{% block content %}
        {% end %}

The list_posts.html template extends the base template.

{% extends "base.html" %}

{% block title %}Posts list{% end %}

{% block content %}
Listing all posts:

{% for post in posts %}
	<li>{{ post.title }} (written by {{ post.author.nickname() }})<br />
	{{ post.content }}</li>
{% end %}
{% end %}

So now everything is ready to run, although no post will be displayed since no content was added to the datastore.

The next step is to create the pages to post content to the site. This area will need authentication and we will use WTForms to simplify the creation and validation of form data. We will keep the form in a new file named forms.py.

import wtforms as forms
from wtforms import validators
from django.utils.datastructures import MultiValueDict

class Form(forms.Form):
    def __init__(self, handler=None, obj=None, prefix='', formdata=None, **kwargs):
        if handler:
            formdata = MultiValueDict()
            for name in handler.request.arguments.keys():
                formdata.setlist(name, handler.get_arguments(name))            
        forms.Form.__init__(self, formdata, obj=obj, prefix=prefix, **kwargs)

class PostForm(Form):
    title = forms.TextField('Title', validators=[validators.Required()])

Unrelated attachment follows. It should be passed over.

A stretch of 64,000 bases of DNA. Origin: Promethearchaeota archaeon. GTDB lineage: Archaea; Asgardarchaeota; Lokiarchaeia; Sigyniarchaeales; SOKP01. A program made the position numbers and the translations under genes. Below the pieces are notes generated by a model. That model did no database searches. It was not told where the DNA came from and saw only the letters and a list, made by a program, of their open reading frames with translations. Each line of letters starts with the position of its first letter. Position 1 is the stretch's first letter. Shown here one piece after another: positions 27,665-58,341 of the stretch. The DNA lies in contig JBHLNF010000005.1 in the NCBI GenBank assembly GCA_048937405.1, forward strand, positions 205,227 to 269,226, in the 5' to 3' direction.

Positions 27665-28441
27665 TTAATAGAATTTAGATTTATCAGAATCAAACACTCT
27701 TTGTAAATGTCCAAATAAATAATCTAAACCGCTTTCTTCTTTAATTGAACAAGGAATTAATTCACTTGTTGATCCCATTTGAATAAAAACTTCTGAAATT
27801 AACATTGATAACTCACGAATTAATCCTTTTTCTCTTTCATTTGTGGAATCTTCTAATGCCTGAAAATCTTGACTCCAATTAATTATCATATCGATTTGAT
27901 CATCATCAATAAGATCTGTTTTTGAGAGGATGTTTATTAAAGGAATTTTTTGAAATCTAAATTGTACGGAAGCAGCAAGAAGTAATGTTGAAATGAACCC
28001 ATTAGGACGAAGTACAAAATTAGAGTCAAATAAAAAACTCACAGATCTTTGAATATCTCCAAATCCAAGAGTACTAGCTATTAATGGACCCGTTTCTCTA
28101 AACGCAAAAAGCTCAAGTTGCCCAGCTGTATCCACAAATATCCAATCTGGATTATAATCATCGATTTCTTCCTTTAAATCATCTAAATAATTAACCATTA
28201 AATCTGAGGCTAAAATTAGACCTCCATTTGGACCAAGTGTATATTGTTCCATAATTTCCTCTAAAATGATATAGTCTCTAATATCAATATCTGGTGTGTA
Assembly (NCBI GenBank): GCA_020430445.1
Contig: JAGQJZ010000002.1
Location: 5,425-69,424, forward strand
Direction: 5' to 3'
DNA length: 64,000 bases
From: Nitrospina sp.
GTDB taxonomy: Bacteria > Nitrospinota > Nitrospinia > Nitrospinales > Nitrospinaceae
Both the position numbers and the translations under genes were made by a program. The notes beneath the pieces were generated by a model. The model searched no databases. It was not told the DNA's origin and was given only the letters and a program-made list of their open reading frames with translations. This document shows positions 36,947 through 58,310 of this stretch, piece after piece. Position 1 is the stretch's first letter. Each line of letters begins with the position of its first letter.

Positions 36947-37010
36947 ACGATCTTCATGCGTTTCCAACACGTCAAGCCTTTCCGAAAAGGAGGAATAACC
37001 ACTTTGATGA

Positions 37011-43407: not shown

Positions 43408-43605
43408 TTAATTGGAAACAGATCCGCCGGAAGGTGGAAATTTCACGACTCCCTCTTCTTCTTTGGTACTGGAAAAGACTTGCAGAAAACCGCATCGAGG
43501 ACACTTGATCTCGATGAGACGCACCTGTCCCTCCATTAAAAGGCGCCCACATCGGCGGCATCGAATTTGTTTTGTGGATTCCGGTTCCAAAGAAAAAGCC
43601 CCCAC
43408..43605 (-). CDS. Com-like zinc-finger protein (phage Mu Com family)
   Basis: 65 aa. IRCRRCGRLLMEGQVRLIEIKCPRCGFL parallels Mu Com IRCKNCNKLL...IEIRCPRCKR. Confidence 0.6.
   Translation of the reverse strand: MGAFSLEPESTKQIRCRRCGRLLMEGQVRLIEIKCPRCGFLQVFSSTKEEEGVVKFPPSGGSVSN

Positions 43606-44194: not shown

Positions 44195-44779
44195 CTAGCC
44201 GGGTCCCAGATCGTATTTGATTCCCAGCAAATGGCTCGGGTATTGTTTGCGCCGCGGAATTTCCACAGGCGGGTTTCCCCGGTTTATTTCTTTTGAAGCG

content = forms.TextAreaField('Content', 

In the forms code we had to introduce an extra class to adapt the tornado request handler to a multidict that WTForms needs. The form itself is the same as in tipfy or flask (both also use WTForms). The template for displaying the form, file new_post.html follows.

{% extends "base.html" %}

{% block title %}New post{% end %}

{% block content %}
<form action="{{ request.uri }}" method="post" accept-charset="utf-8">
<p><label for="title">{{ form.title.label() }}</label>
	{{ form.title() }}

    {% if form.title.errors %}
    <ul class="errors">
    	{% for error in form.title.errors %}
        <li>{{ error }}</li>
        {% end %}
    {% end %}
<p><label for="content">{{ form.content.label() }}</label>
	{{ form.content() }}

    {% if form.content.errors %}
    <ul class="errors">
    	{% for error in form.content.errors %}
        <li>{{ error }}</li>
        {% end %}
    {% end %}
<p><input type="submit" value="Save post"/></p>